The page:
"Improvements are being made and new opportunities are being identified, full compliance to system process and procedures is being followed, continuous system refinement is taking place.

"It's a closed loop system driving actions to achieve true continuous improvement."  

The mining industry has evolved since the group was founded, with Jamieson building on his reputation and gaining work based on the strength of results his company was delivering.

The Jamieson Group prides itself on its continued willingness to "roll up the sleeves" to fully understand clients' organisations, plus its focus on maintaining low staff turnover and looking to the future by keeping abreast of technological changes.

"We don't see technology as a threat," Jamieson continued.

"We see it as a benefit because it means whatever we put in place on site is enhanced because the information that is now available through digitisation means better and faster access to information and allows what we develop and put in place to be far more robust and far more effective than it was in the past.


Jamieson Group chairman David Jamieson

"That's what is emerging at the moment and where we see strong niche market for us, with our understanding of technology combined with our more than 25 years' experience in making sure that people use the right information at the right time to lift that productivity."

The Jamieson Group has 50 full-time employees based around the globe and a bank of regular consultants it can call on.

It has branched out to extend its offerings to other sectors but Jamieson was quick to point out the company retains a wealth of experience in its strong mining division.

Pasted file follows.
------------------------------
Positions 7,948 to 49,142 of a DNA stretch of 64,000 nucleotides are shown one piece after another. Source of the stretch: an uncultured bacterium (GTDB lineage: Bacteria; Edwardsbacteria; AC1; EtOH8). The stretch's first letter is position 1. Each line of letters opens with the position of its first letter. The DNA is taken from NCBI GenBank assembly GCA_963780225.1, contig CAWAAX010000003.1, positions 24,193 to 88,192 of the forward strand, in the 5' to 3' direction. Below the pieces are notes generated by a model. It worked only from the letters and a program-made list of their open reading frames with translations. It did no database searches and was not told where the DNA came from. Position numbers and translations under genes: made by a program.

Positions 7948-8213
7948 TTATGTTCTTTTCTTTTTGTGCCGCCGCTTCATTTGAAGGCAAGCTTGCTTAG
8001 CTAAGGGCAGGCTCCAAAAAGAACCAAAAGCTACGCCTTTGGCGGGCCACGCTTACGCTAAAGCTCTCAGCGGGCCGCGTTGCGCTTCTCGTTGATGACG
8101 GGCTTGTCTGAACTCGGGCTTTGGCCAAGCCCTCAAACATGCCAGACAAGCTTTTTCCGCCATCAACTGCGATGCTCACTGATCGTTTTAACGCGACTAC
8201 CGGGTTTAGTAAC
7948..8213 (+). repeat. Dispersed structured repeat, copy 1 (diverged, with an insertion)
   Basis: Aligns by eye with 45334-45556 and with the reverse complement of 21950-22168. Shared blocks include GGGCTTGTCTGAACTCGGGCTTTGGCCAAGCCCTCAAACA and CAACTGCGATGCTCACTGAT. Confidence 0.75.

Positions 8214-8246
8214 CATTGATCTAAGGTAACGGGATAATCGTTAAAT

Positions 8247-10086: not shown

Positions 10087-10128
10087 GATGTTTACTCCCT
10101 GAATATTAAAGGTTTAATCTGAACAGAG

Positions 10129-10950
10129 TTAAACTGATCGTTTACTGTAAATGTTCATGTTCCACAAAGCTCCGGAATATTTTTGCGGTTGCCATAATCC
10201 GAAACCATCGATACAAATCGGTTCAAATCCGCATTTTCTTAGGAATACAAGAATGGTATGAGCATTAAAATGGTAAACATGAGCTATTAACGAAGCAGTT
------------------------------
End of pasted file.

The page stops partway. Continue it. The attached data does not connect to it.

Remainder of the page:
"We do more than any other mining consultant company globally," he said.

"Our focus on mining gives us the width and breadth to take on smaller and larger assignments."

The Jamieson Group has been involved with mining companies at construction level, at pre-start, ramp-up to achieve steady state and being called in to improve an operation's bottom line.

"We do also get involved in organisational readiness - that is before a mine opens - but we usually get contacted by someone saying ‘the ramp-up isn't going well and we should've got you in six months ago'," he said.

"With over 500 assignments in mining, we're well-versed in both the traditional and the latest methodologies to address productivity, cost containment and the latest innovation and technology developments within the mining industry.

"We focus very hard on innovation and delivering on all our promises."

A growing series of reports, each focused on a key discussion point for the mining sector, brought to you by the Mining News Intelligence team.